I’m finalising my slides for my keynote presentation on Marketing to Women that I’m giving at the Pharmacy Assistant’s conference in a few weeks, and I’m reflecting on how women are different to men in many ways, not least in how we like to be marketed to.

Women are the biggest contributor to GDP and responsible for the majority – about 90% – of all consumer purchases (up to $28 TRILLION globally). We are educated, influential, and increasingly we own our own businesses. 

As well as making purchasing decisions for ourselves, we often also make these decisions for the children and the men in our lives. Yet despite this, many women feel misunderstood when it comes to marketing undertaken by many brands and businesses.

generating social proof

Ridiculously, there are men who won’t acknowledge they need to do business with us to make the sale.

I’m often reminded of the time The Accountant and I were buying our first home together, not all that many years ago. I was negotiating the deal, but the real estate agent wouldn’t talk to me – other than to say “come and look at the laundry”. He looked a bit shocked when I told him the laundry was my husband’s domain and I barely knew how to use the washing machine! During the sales process, I would call the agent, leave a message, he would call my husband! Needless to say, we ended up buying from someone else – someone who was happy to talk to me about money, and not just about what the laundry looked like!

I certainly won’t be going back to that business again.

Key to creating a successful marketing campaign targeting women is to understand the current trends that drive demand, purchase behaviour and brand loyalty. Understanding these insights, while remembering that people do business with people they know, like and trust, will help your marketing efforts succeed.

One of the best ways to attract women to your brand is to offer social proof.

Women have always liked to talk – in fact, women speak 10,000 – 12,000 more words a day than men. As well as face to face conversations, today these conversations are happening on social media and in online forums and communities.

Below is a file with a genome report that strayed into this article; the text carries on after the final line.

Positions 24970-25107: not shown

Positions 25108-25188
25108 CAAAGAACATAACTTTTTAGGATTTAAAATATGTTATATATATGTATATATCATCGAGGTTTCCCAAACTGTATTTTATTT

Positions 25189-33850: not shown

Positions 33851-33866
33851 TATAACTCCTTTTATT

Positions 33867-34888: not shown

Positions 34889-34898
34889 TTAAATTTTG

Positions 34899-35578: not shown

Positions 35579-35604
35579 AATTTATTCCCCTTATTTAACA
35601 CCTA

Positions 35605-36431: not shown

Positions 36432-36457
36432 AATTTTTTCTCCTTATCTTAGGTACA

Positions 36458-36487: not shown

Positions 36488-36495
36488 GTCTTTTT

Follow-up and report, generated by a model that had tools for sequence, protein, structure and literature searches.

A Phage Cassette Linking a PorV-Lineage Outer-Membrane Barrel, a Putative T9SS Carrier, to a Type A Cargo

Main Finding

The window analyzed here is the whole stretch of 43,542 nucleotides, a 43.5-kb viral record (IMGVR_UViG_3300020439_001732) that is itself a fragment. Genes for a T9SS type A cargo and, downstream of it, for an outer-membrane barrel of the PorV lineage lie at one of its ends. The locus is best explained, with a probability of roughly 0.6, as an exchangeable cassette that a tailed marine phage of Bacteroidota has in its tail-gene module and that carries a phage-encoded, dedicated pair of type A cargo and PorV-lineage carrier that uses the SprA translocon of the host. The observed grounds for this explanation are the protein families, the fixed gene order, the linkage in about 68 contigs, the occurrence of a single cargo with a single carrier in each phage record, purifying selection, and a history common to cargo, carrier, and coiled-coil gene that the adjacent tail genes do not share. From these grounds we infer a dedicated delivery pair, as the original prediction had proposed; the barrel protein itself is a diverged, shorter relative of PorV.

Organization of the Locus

Word-of-mouth in both offline and online communities is a major influence in women’s buying habits. Generating and sharing social proof through social networks can exponentially increase the influence of your brand.

People are far more likely to trust their peers than they are to trust advertising, with word-of-mouth recommendations from friends and family being extremely influential in decision making. Research by Nielsen shows that 4 in 5 Australians trust recommendations from someone they already know, and 3 in 5 trust comments from other online consumers.

So how can you generate some social proof? Below are four effective ways:

  • ask for customer referrals
  • collect testimonials and share them on your website and your Facebook page – don’t just ask for written testimonials, ask for video testimonials too
  • customer ratings and reviews – ask for ratings on your Facebook page and on Google
  • use influencers – look at who the main influencers are in your community or industry and work with them to promote your business (note, you will probably need to pay them, which they must disclose)
  • social proof works better with pictures – if you are including customer testimonials on your website, ask if you can also use their photo.

Why is this important? A study of 10,000 accounts at a German bank showed that customers who came from customer referrals had 16% higher lifetime value than those who came from other acquisition sources. Additionally, the customers churned 18% less.

What are you doing to generate social proof?

Mel Kettle works with associations, not-for-profits and businesses to help them communicate effectively and authentically so they attract, retain and engage their members and customers. To inquire about working with Mel, please email mel@melkettle.com or click here.

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